White House officials had expected the security agreement to be signed by now, and the president had planned to announce how many troops he would leave after 2014 during his State of the Union address.
However, with the agreement unsigned, he is expected to focus on the war's end.
Intel leaders to testify Wednesday: The Senate Intelligence Committee is holding its annual worldwide threats hearing on Wednesday, with top intelligence officials testifying in a rare public setting.
Director of National Intelligence James Clapper, CIA Director John Brennan and FBI Director James Comey are among those who will testify before the panel.
The hearing comes as Congress and the White House are weighing major changes to the National Security Agency surveillance programs following the leaks of former National Security Agency contractor Edward Snowden, something Obama could dive into during his speech Tuesday night.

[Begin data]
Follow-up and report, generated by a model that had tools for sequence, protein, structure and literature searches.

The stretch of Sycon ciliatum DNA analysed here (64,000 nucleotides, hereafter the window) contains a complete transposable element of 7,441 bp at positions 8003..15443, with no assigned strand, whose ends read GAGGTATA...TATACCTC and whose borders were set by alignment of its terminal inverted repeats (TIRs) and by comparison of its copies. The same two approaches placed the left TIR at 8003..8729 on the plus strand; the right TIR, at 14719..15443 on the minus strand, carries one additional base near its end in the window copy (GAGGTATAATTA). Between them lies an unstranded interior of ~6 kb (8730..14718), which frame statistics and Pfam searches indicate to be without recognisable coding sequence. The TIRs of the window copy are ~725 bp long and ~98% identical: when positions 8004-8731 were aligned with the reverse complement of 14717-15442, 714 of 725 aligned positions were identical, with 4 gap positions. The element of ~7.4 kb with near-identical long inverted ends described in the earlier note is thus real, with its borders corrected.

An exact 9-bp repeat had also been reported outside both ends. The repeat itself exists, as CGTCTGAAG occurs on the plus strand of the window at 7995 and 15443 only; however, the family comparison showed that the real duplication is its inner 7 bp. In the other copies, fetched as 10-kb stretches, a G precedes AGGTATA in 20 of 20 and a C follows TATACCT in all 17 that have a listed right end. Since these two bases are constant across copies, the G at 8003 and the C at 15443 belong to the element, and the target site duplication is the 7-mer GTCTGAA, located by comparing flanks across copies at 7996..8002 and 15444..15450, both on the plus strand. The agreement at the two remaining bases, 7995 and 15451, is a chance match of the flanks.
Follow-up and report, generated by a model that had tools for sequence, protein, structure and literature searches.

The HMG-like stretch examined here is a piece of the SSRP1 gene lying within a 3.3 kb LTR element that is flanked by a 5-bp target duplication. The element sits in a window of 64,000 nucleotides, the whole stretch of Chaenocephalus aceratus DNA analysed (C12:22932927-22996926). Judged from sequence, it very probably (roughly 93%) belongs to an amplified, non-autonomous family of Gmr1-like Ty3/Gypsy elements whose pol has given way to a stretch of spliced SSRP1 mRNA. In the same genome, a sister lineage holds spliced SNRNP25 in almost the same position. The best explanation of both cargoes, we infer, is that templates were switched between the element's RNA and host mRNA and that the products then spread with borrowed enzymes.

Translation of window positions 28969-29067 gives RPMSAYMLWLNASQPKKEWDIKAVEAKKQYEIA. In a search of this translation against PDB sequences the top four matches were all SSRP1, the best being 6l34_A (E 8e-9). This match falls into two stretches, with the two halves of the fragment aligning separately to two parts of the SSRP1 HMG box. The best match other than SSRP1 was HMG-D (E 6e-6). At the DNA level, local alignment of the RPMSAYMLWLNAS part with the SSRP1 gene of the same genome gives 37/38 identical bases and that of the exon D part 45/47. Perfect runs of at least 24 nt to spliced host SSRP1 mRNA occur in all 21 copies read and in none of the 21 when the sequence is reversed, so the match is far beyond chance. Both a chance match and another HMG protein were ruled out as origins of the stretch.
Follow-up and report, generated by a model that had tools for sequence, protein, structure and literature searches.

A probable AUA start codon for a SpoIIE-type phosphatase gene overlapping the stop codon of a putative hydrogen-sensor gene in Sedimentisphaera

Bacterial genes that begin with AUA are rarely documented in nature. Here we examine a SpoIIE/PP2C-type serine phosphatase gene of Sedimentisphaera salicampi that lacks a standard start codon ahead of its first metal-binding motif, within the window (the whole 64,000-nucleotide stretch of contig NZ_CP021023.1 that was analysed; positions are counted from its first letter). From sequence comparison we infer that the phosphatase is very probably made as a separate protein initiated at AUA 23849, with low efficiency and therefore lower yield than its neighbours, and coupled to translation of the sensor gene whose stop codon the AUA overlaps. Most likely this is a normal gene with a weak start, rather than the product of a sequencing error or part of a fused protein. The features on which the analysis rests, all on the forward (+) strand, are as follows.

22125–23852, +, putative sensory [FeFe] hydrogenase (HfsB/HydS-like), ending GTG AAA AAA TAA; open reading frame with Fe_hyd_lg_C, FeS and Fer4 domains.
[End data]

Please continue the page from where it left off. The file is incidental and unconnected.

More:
The hearing will also once again put NSA critic Sen. Ron WydenRon WydenSenate passes college anti-Semitism bill Overnight Finance: Trump takes victory lap at Carrier plant | House passes 'too big to fail' revamp | Trump econ team takes shape Senate Dems: Force Cabinet nominees to release tax returns MORE (D-Ore.) face-to-face with Clapper. During last year’s threats hearing, Wyden pressed Clapper to admit that the government was collecting the phone records of millions of Americans.
In addition to the NSA, senators are likely to ask about anything from al Qaeda’s resurgence and cybersecurity to the CIA’s drone program and security at the Olympics.
In Case You Missed It:
— Lawmakers: Don’t cut carriers
— Petraeus: Snowden did most damage of any ‘turncoat’
— Defense bill OKs arms to Syria
— Vets to Obama: Address pension cuts in speech
— An aggressive voice for the newest vets